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Howard Eastman: Lost in Translation
By Jim Cawkwell (June 9, 2004) 
Howard Eastman
Reigning king Bernard Hopkins holds court in his middleweight fortress, while outside its walls grand plans are at work to overthrow his mighty grasp upon all he surveys. A line of successors has emerged; some are endowed with mighty riches but are without physical superiority while others are strong in body but lack the experience or the mental strength to realize their challenge. Across the Atlantic Ocean the United Kingdom is home to a hidden force. It has been revealed once but was temporarily repelled back into obscurity, and yet, it remains as one that may step forth once more and wield its power of considerable reckoning.

Howard Eastman’s native home, the former British Guiana, earned its liberation to be independently known as Guyana to the rest of the world. Now Eastman looks to earn his own liberation from that of being an unknown quantity to finally becoming a world champion of international renown. That task should have been completed in November of 2001 when he was matched with twice former WBA middleweight champion William Joppy.

Joppy’s efforts that night earned him his third championship, but those efforts appeared to represent the last forced stand of a once vital figure. In his loss it is my estimation that it was Eastman’s own performance which cost him. He stood like an immovable tower, swatting away Joppy’s speed, power and craft like an irritating pest while conducting affairs largely at his own pace and when he decided the need for urgency, he had Joppy on the canvas at his mercy. But his most authoritative work came too late and after too much posturing while Joppy’s desperate work-rate had bought him enough rounds to earn the decision.

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Howard Eastman is a man of an eccentric disposition and you need not look long to witness it. His dark Guyanese features are unusually interrupted by a beard dyed blond. His appearance may have prompted some wonder or amusement when first viewed by an unfamiliar world audience but his punches demanded respect and his performance swayed the affections of the Las Vegas crowd; they cheered him and expressed their sympathy and dissatisfaction over his defeat.

But that relationship has not yet had the opportunity to be rekindled. Lightly regarded as he previously was in America, Eastman entered the fight as a highly favored entity in the United Kingdom and the loss was a bitter one to accept. It was another year before Howard Eastman returned to action in a boxing ring.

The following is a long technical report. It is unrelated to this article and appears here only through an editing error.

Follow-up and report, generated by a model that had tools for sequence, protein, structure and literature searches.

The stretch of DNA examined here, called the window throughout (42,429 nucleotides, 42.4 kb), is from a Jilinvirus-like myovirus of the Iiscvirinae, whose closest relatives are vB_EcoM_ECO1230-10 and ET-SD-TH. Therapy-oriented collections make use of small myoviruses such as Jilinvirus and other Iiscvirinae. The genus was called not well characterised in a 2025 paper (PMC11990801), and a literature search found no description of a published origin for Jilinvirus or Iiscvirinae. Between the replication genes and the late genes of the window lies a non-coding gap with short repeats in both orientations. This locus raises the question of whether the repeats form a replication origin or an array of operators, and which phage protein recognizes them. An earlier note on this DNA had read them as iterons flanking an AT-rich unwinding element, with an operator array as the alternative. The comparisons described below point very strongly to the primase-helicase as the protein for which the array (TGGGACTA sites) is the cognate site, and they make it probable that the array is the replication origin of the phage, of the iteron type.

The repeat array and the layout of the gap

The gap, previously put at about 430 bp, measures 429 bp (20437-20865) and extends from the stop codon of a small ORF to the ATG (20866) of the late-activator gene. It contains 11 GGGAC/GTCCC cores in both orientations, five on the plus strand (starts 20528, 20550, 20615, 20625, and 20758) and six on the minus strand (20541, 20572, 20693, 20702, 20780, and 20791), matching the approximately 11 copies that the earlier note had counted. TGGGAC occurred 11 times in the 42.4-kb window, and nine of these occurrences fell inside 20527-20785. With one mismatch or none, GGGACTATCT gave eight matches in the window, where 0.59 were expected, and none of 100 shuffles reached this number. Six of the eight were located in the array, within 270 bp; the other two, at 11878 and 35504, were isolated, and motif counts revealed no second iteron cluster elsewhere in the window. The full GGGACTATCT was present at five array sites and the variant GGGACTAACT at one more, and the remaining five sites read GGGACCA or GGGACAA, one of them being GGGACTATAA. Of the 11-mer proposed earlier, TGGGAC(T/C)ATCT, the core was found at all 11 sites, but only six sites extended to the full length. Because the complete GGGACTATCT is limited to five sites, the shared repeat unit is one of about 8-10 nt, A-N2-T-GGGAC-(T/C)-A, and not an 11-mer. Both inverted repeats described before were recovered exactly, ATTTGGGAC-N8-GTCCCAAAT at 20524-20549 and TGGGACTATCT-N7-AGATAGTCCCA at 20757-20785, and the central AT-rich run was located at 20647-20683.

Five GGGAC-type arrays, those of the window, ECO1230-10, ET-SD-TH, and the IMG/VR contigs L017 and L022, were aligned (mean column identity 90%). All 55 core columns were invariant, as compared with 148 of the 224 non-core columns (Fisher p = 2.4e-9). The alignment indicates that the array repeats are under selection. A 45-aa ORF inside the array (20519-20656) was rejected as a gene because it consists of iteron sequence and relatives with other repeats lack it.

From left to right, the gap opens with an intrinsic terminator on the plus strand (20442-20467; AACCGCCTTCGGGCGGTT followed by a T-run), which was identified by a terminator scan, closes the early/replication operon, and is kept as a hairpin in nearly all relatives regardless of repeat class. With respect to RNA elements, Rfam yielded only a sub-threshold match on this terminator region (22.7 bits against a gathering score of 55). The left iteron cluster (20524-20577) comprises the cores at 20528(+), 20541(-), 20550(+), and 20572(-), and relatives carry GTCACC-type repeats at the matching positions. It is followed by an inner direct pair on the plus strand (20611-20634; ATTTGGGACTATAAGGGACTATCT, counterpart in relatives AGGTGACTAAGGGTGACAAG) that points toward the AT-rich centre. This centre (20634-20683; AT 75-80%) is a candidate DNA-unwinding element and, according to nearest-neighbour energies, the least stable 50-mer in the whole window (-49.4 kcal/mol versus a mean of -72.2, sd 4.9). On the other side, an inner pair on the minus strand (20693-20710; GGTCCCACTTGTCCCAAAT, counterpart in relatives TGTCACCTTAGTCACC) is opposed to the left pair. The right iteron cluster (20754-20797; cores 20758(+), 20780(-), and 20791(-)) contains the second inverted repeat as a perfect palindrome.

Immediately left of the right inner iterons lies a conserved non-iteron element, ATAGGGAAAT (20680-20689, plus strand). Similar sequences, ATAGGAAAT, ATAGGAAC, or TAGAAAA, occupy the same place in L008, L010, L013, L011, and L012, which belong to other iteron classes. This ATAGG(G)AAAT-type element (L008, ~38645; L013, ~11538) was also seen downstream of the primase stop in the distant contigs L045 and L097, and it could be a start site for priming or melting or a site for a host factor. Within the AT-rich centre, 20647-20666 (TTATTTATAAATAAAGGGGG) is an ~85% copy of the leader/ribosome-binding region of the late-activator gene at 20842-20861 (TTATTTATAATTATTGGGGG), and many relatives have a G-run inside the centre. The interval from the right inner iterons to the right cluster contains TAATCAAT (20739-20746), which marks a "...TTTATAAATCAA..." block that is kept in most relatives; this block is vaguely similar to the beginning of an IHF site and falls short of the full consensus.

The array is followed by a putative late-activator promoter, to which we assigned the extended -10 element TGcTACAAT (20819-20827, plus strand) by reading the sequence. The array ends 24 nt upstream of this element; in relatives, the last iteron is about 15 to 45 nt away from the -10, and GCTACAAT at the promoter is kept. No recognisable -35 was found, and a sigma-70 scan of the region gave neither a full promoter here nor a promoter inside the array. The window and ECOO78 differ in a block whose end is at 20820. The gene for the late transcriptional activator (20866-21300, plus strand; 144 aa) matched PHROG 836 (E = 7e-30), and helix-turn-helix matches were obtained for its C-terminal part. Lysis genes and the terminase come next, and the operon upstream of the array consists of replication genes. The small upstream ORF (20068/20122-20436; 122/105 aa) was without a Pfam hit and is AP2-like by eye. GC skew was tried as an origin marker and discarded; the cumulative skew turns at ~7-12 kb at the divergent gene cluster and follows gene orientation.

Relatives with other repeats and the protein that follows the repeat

Upon his return he quickly set about his own re-establishment and gathered to him once again the European championship. Soon his work ethic soared as he conquered four successive challenges in 2003. His decision win over world rated Sergey Tatesvoyan earlier this year could act as a springboard to another world championship attempt for the 'Battersea Bomber'.

Not long ago, Eastman’s manager/promoter Mick Hennessy released promotional material of Eastman dressed as a cowboy, a Guyanese gunslinger if you will. The poster read like a wanted sign and the most wanted individual on any middleweight’s agenda saw it. Hopkins was mildly amused at the advert and after he collects his generous share of the multi-millions that will flow from his September clash with Oscar de la Hoya, perhaps he will indulge his amusement one step further and grant Eastman a chance.

A last chance perhaps, for Eastman is thirty-three years of age and time is of the essence for him but also because Hopkins is considerably older and will likely dictate the manner of his farewell tour even more carefully than he has managed his career to date.

Guyanese representation on the modern world boxing stage is enjoying a healthy resurgence. The light first ignited by the likes of Raul Frank and Andrew 'Six Heads' Lewis has been fueled into a fine blaze thanks to the success of Wayne Braithwaite (undefeated WBC cruiserweight champion), Vivian Harris (WBA light-welterweight champion), heavyweight contender Andre Purlette and of course middleweight hopeful Howard Eastman.

The road to total domination for each of these fighters will be long and perilous to travel, with Eastman’s perhaps being the boldest of all. But as Hopkins ages, though he is no less prepared, time and the natural way of things as they are in boxing threaten to make him vulnerable at some time. And if that time is the hour when Howard Eastman is sharing the same ring, the 'Bomber' may be able to realize his dream, no longer condemned to be a little known import lost in translation.
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